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Name: Benjie
Status: other
Grade: 12+
Location: SC
Country: USA

I would like to know why wind frost, or advection frost, forms against the direction of the wind and what are the physical processes behind this formation?

I am not quite clear what you mean when you write: “…frost, forms against the direction of the wind…”

I feel like I am in a fog (or possibly a frosty situation). Condensation (fog) occurs when water from a gaseous state cools to a liquid state. Freezing (or frost) occurs when water in a liquid state cools (freezes) to a solid state.

There are a number of ways that fog can form, yet if the ambient temperature is below zero C, then frost can form. Deposition (frost) occurs when water in a gaseous state cools (freezes) to a solid state. Fog and frost form through heat and moisture exchanges between the ground (or water body) and overlying air. When the relative humidity of a parcel of air reaches 100%, then fog (or frost) may form. Cooling air, or adding moisture to air, will increase the relative humidity.

Here are some explanations of how fog may form through cooling or adding moisture to a parcel of air.

Radiation Fog:

Earth cools rapidly at night. The air cools, relative humidity reaches 100%, and fog forms. Common over marshes (high moisture content).

Advection Fog:

Advection means horizontal movement of air, where warm moist air is blown over a cool surface. The air cools, relative humidity reaches 100%, and fog forms. Common in early spring as air moves over snow covered land or, cold ocean, or lake.

Upslope Fog:

Air undergoes expansional cooling associated with physical upslope movement. The air cools, relative humidity reaches 100%, and fog forms. Common with humid air on hillsides or mountain slopes.

Evaporation Fog:

Also known as steam fog or Arctic sea smoke. Cold dry air moves over warm water, thus increasing the vapor content of the air mass. Moisture is added, relative humidity reaches 100%, and fog forms. Common in lakes, heated swimming pools, and highways.

Frontal Fog:

Lower density, warm and moist air, is lifted over colder air, rain (moisture) falls into the colder layer increasing the vapor content of the air mass. Moisture is added, relative humidity reaches 100%, and fog forms. Common when warm fronts approach.

When you state that “…frost, forms against the direction of the wind…” you might consider that the frosty surface was cold enough to cool the temperature of the wind. The air cools, relative humidity reaches 100%, and frost forms.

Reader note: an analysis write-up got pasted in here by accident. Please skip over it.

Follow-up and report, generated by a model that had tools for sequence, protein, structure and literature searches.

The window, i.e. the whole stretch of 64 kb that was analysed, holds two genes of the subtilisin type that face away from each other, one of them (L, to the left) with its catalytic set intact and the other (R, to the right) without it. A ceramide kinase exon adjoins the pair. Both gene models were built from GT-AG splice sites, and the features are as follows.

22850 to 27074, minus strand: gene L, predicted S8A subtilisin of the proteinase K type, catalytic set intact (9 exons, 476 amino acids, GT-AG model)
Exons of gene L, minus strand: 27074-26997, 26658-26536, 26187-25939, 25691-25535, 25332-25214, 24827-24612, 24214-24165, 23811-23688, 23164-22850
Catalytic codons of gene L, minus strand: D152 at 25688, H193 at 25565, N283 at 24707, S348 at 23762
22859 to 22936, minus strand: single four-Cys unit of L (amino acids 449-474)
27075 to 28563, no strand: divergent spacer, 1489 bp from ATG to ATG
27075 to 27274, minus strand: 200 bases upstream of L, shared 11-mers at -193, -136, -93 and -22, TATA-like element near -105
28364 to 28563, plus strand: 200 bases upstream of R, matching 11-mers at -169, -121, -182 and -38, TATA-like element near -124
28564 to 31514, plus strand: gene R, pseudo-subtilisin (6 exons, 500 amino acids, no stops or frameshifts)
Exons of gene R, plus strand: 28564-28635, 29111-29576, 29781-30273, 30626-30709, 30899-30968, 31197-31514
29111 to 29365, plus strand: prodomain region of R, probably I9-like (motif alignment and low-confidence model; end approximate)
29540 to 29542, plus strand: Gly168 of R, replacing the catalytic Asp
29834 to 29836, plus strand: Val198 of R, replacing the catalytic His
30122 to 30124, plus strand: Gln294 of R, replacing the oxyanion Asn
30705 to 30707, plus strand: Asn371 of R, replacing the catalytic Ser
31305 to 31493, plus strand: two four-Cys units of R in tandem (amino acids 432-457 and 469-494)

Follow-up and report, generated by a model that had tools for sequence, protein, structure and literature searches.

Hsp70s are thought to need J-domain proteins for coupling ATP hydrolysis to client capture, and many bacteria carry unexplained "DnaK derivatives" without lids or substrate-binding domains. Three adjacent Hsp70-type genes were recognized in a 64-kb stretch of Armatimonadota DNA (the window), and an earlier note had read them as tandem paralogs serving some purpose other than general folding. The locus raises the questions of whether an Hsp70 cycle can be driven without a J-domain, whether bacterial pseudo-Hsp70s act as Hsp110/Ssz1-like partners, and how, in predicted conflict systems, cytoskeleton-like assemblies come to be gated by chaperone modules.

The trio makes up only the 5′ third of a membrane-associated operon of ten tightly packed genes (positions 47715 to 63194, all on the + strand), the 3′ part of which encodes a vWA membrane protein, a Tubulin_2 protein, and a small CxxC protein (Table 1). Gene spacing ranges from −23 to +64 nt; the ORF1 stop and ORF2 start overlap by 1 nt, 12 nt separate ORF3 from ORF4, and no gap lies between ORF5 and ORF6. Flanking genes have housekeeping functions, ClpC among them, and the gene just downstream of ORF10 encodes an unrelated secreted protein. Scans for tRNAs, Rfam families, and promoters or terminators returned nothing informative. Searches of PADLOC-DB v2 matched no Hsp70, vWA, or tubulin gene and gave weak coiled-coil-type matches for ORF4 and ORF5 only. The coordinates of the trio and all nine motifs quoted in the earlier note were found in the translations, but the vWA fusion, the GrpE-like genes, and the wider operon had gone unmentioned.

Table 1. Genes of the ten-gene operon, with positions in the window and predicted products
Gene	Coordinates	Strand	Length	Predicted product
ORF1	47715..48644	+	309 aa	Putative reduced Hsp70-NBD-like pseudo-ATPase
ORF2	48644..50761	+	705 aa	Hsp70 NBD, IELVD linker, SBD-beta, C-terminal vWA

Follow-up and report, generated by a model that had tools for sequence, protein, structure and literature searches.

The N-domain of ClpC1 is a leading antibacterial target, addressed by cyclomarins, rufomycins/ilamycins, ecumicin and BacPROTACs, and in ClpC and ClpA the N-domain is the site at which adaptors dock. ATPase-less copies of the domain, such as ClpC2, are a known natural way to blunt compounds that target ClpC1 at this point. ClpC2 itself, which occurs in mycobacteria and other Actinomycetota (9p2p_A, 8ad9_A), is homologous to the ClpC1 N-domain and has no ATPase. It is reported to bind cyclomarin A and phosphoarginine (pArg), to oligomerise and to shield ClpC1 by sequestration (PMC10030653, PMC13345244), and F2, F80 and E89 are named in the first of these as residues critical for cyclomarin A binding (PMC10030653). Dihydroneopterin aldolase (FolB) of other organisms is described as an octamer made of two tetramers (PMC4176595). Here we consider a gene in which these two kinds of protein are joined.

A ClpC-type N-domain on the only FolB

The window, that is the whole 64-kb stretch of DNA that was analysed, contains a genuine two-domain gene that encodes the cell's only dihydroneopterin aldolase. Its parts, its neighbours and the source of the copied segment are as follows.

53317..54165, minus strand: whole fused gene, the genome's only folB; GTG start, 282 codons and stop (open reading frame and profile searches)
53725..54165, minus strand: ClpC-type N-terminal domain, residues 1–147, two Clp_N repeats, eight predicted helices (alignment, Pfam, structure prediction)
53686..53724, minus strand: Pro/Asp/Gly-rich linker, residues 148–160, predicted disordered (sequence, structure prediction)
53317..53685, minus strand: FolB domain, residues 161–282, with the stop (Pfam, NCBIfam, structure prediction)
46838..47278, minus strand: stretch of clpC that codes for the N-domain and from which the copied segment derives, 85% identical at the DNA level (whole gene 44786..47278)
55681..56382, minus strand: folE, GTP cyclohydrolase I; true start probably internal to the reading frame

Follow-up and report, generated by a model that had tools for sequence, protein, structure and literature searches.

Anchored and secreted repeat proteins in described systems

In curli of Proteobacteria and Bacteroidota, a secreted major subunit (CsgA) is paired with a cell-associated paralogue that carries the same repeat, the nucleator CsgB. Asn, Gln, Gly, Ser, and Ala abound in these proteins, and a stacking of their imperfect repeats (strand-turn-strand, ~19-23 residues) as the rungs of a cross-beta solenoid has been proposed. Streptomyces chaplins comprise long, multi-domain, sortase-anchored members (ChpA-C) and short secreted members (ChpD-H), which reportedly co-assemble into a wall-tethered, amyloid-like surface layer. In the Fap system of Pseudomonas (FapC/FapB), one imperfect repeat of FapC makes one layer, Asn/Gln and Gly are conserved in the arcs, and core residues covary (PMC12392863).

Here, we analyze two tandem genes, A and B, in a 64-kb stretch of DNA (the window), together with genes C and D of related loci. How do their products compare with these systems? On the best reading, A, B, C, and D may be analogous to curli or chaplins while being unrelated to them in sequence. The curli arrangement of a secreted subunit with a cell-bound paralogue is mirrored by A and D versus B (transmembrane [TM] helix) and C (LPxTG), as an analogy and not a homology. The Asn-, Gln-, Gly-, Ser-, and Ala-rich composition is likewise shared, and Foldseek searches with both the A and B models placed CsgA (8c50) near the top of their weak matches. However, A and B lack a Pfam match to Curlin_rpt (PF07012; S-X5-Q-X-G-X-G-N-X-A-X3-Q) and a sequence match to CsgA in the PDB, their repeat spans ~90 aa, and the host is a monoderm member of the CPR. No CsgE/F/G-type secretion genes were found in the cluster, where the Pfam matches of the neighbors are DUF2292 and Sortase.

I hope this helps. You might be interested in learning more about the role of relative humidity, energy transfer, and change of state.


N.B.: Sublimation is the opposite of deposition (and is quite common with ice in a freezer).

Leslie Kanat, Ph.D.
Professor of Geology
Department of Environmental Sciences
Johnson State College


The formation processes of all frost, aside from rime, are essentially the same. Water vapor in the air freezes on a cold surface to produce crystals of ice, called frost. Rime can more properly be thought of as icing, as it usually deposits as a liquid (from water droplets) and then freezes on the cold surface.

Advection frost and radiation frost form in essentially the same way. However, the way in which the air is cooled to produce the conditions needed for the frost to form are different. Radiation frost occurs when, with little or no wind, the surface on which the frost forms is cooled to below the frostpoint by radiative cooling. Advection (or wind) frost occurs when cold air moves into or drains into an area and results in the temperature of surfaces being lowered to below the frostpoint.

Both radiation and advection frosts exhibit crystalline structure, including ice spikes or needles. Radiation frost is often referred to as hoar frost, but both radiation and advection frosts can look the same.

In the case of advection frost, the crystals of ice may extend towards the direction of the cold air blowing into the area, just as any crystal begins at its base and extends outward from it to the source of the "mineral" (in this case water vapor) that is forming the crystal.

David R. Cook
Climate Research Section
Environmental Science Division
Argonne National Laboratory

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